“I am a very lucky man… My good luck enabled me to survive two world wars, the London blitz; it helped me escape the holocaust. I was never called up to military service. I survived three marriages, and again I was so lucky to find a younger partner to share my old age. She happens to like older men!” — Wolfgang Suschitzky 2005
Wolfgang Suschitzky was born in Vienna in 1912; his father was a remarkably progressive man for his time, a non-practising Jew and a prominent socialist publisher. Wolfgang found a love for photography, seeing it as a profession of freedom that could be followed in any country irrespective of the language spoken. He went on to study photography in Vienna under the tuition of Rudolf Koppitz.
“Among my fellow students was a girl from Holland. We fell in love. It did not take much to seduce me. When our three years of study came to an end we lived together for a few months. The situation in Austria became very difficult in many ways. There was great poverty. It still was the time of the big depression. Fascism grew, on the Italian model, but Nazism soon got the upper hand. Workers armed themselves and in 1934 civil war broke out. The workers had to face the much better equipped army, which did not hesitate to use artillery to shoot into workers blocks of flats. There were about 190 deaths of police and army, but up to 2000 on the other side.” — Wolfgang Suschitzky
In 1934 they left his homeland for Holland and arrived in Amsterdam, to live on the Prinsengracht. He photographed Amsterdam, the place that he continues to hold dear to him. He documented a city in a state of flux and witnessed the Jordaan Riots of 1934.
“We tried to earn a living by making portraits, photographing children from our little flat in Amsterdam. Nobody knew us; we had a difficult time… My good luck held. [my wife] left me for another man after one year. Had she not done that I would have remained in Holland, perished there.” — Wolfgang Suschitzky
He left Holland for London, where he has continued to live for 70 years, in 1935. In 1937 he joined Strand Films as a documentary cameraman, a career which was to span 65 years and innumerable feature films, including Ring of Bright Water (1969), Entertaining Mr. Sloan (1970) and the cult classic Get Carter (1971), fictional shorts and over a hundred documentaries.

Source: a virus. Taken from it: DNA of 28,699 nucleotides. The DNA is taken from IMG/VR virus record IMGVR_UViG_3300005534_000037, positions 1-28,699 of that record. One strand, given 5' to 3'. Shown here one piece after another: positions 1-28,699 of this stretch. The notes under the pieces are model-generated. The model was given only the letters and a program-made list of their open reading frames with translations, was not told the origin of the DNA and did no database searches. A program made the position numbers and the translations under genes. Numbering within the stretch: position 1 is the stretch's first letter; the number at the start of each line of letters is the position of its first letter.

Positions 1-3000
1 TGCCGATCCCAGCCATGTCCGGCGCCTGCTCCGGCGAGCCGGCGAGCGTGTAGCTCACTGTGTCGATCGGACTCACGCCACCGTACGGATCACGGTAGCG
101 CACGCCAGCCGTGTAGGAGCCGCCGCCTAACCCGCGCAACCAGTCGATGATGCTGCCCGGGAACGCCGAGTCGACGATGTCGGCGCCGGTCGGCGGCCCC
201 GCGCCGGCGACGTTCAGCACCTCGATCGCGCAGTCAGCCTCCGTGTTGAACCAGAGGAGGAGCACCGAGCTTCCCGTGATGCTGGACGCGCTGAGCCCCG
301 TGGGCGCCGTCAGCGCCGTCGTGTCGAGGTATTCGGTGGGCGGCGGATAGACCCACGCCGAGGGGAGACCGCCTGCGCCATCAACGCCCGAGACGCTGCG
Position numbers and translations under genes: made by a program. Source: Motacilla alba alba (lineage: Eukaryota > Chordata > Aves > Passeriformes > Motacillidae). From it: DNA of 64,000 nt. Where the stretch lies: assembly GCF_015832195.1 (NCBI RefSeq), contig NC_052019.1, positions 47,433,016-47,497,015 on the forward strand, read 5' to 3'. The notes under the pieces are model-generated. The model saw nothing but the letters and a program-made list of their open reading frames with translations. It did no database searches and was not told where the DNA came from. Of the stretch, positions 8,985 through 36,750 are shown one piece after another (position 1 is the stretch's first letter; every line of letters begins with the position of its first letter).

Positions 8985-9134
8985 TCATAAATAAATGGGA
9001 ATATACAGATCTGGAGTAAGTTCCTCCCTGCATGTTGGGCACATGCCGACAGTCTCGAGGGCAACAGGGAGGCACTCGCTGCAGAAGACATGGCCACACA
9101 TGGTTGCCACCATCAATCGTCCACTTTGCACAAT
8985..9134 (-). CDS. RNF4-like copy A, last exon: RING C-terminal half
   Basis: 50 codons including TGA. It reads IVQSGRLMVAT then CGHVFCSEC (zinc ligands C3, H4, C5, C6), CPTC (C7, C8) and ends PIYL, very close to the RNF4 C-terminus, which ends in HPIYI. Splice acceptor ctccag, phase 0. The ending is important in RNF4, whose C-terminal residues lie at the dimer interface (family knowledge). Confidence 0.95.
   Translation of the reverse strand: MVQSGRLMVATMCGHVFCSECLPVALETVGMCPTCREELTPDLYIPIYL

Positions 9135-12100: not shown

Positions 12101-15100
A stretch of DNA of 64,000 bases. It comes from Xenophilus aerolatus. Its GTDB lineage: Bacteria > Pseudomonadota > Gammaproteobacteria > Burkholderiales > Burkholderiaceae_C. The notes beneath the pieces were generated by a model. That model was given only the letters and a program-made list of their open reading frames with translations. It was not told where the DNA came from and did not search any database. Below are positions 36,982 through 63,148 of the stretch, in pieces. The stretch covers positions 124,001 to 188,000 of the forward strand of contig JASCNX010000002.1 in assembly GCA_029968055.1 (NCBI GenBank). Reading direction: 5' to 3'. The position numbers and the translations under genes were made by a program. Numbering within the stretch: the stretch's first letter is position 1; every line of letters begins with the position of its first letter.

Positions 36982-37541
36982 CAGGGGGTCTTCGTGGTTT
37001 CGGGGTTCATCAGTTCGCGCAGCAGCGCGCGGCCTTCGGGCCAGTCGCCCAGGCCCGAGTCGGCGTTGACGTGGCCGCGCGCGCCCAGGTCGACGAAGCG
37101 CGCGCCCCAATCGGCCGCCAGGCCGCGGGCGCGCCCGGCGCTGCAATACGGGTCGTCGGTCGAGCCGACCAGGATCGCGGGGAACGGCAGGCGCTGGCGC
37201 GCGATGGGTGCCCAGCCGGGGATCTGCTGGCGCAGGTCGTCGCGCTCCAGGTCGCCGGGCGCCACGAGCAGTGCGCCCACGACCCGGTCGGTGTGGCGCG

“Soon after the war had ended, autumn of 1945, I was sent to make a film in Bosnia about the reconstruction of a railway and its bridges. There were no houses standing, no electricity and the dead were in their coffins waiting for the ferry, we were the lucky ones.” — Wolfgang Suschitzky
In between filming Suschitzky was employed as a photojournalist for Illustrated and Picture Post magazines. It was during this time that he began creating his own huge archive of personal projects, including The Charing Cross Road series and images of the East End of London, which show the insular, intellectual atmosphere of streets filled with bookshops and teahouses and in contrast, the poverty of children. The fascination of these photographs remains not simply with the places but also with the people and their industries of book-selling, shoe-shining etc…, many trades of which have, like the buildings, vanished or have been changed beyond recognition.
Throughout his career, travelling extensively in Europe, Africa and Asia in the 1950s and ‘60s, Suschitzky also carried his stills camera, a Hasselblad - producing a remarkable and little-known archive of documentary images. His expert involvement in both photography and film is unusual, and allows for a fascinating exploration of the links between the two media.
Comprising of some 40 photographs this exhibition, of key Western cities including: Amsterdam, Paris, London, Venice, Salzburg and San Francisco during the 1930s, 40s and 50s, is the first solo exhibition in Holland, of the images of Suschitzky, one of Europe's greatest photographers.
Wolfgang Suschitzky continues to photograph today and his work is represented in the permanent collections of, amongst others; the Archives of the City of Amsterdam, Haags Gemeentemuseum, The Hague, The Jewish Historic Museum, Amsterdam (where he was guest of honour at the opening of their exhibition ‘Waterlooplein’ in 2005), The National Portrait Gallery, London, the University of Texas, Austin and The Victoria & Albert Museum, London.
All work is available for purchase – please note that the exhibition also includes rare vintage prints, which are also available for purchase.